It is tempting to type this using only 11 characters

Welcome back to George vs the Listener Crossword, your weekly dose of mediocrity in solving.  And for the three of you curious, I managed a rather credible tie for 4th in last week’s golf tournament.

OKeydoke – what do we have this week? Yorick!  A new setter or a newdonym, and definitely a new tag for this blog, so hi Yorick if you’re looking in!

The preamble sounds a bit daunting – 26 answers to normal clues entered with the first letter misprinted, and the rest of the clues have an extra word, and the answers are entered… well somehow.  OK, let’s solve!

There is a 1 across and it is a nice gentle S(HEAT)HE so no extra word, and in it goes with a first letter to be determined… which is unchecked!  Yikes!

Fortunately that crosses IGNOBLE, so I have one replacement, and since there’s nothing else to change, it appears we’re not looking at real words in the final grid, I hope this works out somehow.

About an hour in, and I realise the complete bleeding obvious – there’s 26 misprints, and so far they have all been for different letters, so maybe it’s a cipher, with each original letter coding to a smaller set of letters?  And maybe that’s how the extra-word entries are entered, since I wasn’t getting much out of the first letters of the extra words except it looked like it might start with CODE.

This was promising!  Some of the longer extra-word answers were starting to make sense with using the same code as I’d started to work out for the misprints!  Eventually a pattern starts to form – they encode to ALL THE LETTERS OF THE ALPHABET.  Which means the title is an encoded form of ??NG??? and when you’ve been around all the letters of the alphabet enough you know that is a PANGRAM!  Woohoo!

That’s everything finished except for… oh about a dozen clues.  Sursolving time!

I can’t remember now what the lat few were, but definitely SUETY took a lot of teasing and playing with the possibilities for ?ERLT, as did SUCH (though it shouldn’t have, since NONESUCH is in Bradfords).  Eventually, a grid.  Much scribbling and re-writing, can’t say ciphers are my forte, but I think I’ve got it.


My working grid for Listener 4370, Hefbeet by Yorick

Curious puzzle – quick start, very slow middle section until I had the flash of near-brilliance, and then a rush to the finish, followed by an age on the final few clues.  I guess that sums up the Listener, right?  Woohoo, Victory to George!

2015 tally:  35-2-5

Feel free to tell me that there’s a ton of transcription errors (I do not envy the checker’s job this week!) and see you next week when Ploy looks like he may have whipped up a Richie Benaud memorial crossword, maybe there’ll be a lot of 2’s in it.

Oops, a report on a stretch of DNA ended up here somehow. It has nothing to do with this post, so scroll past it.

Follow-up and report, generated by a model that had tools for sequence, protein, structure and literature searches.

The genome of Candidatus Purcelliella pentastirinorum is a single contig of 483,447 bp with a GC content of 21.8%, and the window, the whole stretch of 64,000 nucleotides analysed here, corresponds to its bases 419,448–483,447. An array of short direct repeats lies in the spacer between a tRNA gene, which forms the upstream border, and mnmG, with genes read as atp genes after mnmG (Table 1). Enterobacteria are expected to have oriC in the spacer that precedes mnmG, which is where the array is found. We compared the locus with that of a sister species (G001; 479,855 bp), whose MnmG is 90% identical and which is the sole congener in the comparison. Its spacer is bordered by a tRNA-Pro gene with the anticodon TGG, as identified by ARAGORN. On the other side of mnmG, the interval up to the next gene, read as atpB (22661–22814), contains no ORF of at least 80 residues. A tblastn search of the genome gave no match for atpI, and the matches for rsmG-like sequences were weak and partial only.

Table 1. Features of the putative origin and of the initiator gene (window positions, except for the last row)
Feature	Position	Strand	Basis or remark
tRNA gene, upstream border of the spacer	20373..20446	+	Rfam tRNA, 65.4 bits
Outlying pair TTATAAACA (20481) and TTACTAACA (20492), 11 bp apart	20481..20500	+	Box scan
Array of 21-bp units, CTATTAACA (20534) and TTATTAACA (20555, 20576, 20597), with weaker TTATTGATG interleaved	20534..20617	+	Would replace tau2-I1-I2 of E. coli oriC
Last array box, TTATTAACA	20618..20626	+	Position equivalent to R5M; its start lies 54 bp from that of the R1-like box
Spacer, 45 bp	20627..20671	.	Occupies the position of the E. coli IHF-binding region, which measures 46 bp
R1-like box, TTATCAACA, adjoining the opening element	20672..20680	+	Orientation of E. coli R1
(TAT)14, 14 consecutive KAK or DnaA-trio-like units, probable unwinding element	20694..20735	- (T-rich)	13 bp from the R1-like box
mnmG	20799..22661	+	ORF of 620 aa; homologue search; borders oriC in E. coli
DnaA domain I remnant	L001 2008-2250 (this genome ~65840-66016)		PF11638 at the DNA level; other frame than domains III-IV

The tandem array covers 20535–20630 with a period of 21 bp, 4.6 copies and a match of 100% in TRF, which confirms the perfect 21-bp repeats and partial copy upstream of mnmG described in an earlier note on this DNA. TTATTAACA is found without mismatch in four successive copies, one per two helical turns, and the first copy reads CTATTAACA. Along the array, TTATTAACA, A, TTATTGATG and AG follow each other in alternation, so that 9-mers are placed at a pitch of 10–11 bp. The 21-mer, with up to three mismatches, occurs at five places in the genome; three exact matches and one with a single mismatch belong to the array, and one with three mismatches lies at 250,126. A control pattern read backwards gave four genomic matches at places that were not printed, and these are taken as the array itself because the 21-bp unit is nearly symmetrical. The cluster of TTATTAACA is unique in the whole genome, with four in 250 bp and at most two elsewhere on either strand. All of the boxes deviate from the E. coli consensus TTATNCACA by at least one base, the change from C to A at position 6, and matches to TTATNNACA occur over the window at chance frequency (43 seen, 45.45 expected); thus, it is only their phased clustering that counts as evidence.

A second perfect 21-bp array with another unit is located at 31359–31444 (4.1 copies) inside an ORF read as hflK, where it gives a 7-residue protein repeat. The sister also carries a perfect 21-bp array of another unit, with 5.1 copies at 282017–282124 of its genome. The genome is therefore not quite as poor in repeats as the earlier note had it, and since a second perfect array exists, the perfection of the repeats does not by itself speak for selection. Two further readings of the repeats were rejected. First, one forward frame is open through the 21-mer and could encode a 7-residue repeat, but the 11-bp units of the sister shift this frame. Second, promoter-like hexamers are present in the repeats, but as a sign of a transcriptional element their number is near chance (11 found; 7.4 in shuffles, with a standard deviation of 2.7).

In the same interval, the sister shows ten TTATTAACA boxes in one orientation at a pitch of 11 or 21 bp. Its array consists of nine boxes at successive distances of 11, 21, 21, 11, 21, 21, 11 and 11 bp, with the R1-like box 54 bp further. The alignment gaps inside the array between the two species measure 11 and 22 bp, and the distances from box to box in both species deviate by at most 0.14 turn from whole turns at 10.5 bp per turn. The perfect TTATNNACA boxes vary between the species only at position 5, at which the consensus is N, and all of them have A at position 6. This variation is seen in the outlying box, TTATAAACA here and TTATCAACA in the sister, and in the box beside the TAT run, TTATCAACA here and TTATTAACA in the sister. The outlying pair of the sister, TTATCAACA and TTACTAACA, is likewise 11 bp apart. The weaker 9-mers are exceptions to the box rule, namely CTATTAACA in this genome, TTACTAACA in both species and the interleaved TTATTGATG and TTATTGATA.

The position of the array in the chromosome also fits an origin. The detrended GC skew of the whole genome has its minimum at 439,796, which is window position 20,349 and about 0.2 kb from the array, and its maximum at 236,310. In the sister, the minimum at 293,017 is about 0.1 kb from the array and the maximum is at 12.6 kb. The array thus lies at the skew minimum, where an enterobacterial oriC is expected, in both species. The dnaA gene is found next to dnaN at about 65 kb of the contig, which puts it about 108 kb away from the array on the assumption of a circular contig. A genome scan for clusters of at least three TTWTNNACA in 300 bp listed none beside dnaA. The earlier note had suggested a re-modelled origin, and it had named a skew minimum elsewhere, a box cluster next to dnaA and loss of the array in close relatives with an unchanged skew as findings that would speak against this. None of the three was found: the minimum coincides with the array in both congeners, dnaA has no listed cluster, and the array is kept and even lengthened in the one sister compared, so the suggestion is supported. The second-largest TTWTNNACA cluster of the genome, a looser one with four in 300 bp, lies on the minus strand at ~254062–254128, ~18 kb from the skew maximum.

Golf? Don’t mind if I do!

Welcome back to George vs the Listener Crossword on a rather unique circumstance – if you are reading this at the time it is posted, I am actually playing golf!  I’m in a rather silly tournament called the Mediocre Golf Association World Championships in beautiful Las Vegas, Nevada.  I’m not even bringing my laptop, I am treating myself to a weekend of binge drinking and average golf.  I hope I win!

My working grid for Listener 4369, Golf... by Xanthippe

My ride will be here in a few minutes, so there’s the grid.  I was of course partial to this as I am a big fan of the game.  It wasn’t too difficult to figure out where the holes went, and after placing a few of the answers I noticed there were a lot of O’s and T’s at the ends or beginnings of words – AHA!  So each hole starts at a T and ends in a O and those get moved from the word.  That helped me get a few of the more tricky holes sorted out (I think 11-15 took me longer than the rest of the puzzle).

Hope everyone else had fun, and I’ll see you next week with possibly a recap of how I fared.


Isn’t this the game where if you draw the wrong card, you get married?

Welcome back to George vs the Listener Crossword, Harribobs time!  A new setter (or newdonym) who appears familiar (maybe from EV?), so hi Harribobs if you’re looking in!

What have we here?  Extra letters in wordplay, extra information and something about a game that feels oddly familiar – isn’t this one of those mathematics generated propagating thingys?  I saved the temptation to Google it and give away the ending at the beginning and got to solving some clues, after all it’s all real words in the grid and there is a 1 across, so we don’t have that very often!

Gentle start as E+POSTS reversed gives ESTOP and a big pass on the 1 across test, woohoo! That intersected with every barred-grid-solver’s favorite French soldiers, (s)POIL,US and the grid is off to a flying start.

I managed pretty well through the grid fill, though I will admit Harribob’s definitions were in general clearer than the wordplay, so I did a fair bit of what is known on another blog as “biffing” in clues – TRAVELLER and IN TOTO were prime examples, though later on in decoding the message I found TINTOT in Chambers as a coloring book.

A bit over an hour later, there’s a grid – a message, START LETTERS HAVE ELEMENTS OF LIFE SHADE SECOND GENERATION, and the mathematician CONWAY in the grid.  Time for the endgame…

OK… I was AWFUL at this.  I knew I was going to make a disaster of it on my original grid so I printed out another one and tried to do it… and ended up with an unholy mess.  So I made an excel spreadsheet and put X’s in the squares.  It looked like I was making an I near the middle but that was it.  At that point I started looking at Conway’s game of life online and found someone had made a flash version!

I used an app to get the shading solution

Phew!  Of course in transcribing it back to my grid I managed to shade one more cell than I should have on the first L

My working grid for Listener 4368, The Name of the Game by Harribobs

A pleasant debut from Harribobs, nice clues and a fun theme, even though I needed to stretch the limits of fairness to get that last part to fall into place.  In the end I think I can call it a Victory to George, woohoo!

2015 tally:  33-2-5

Feel free to tell me that I’m really losing at this game, and see you next week when Xanthippe has a puzzle that has to go with golf and ellipses

As sure as you are you and me am me and don’t pay the quarrymaster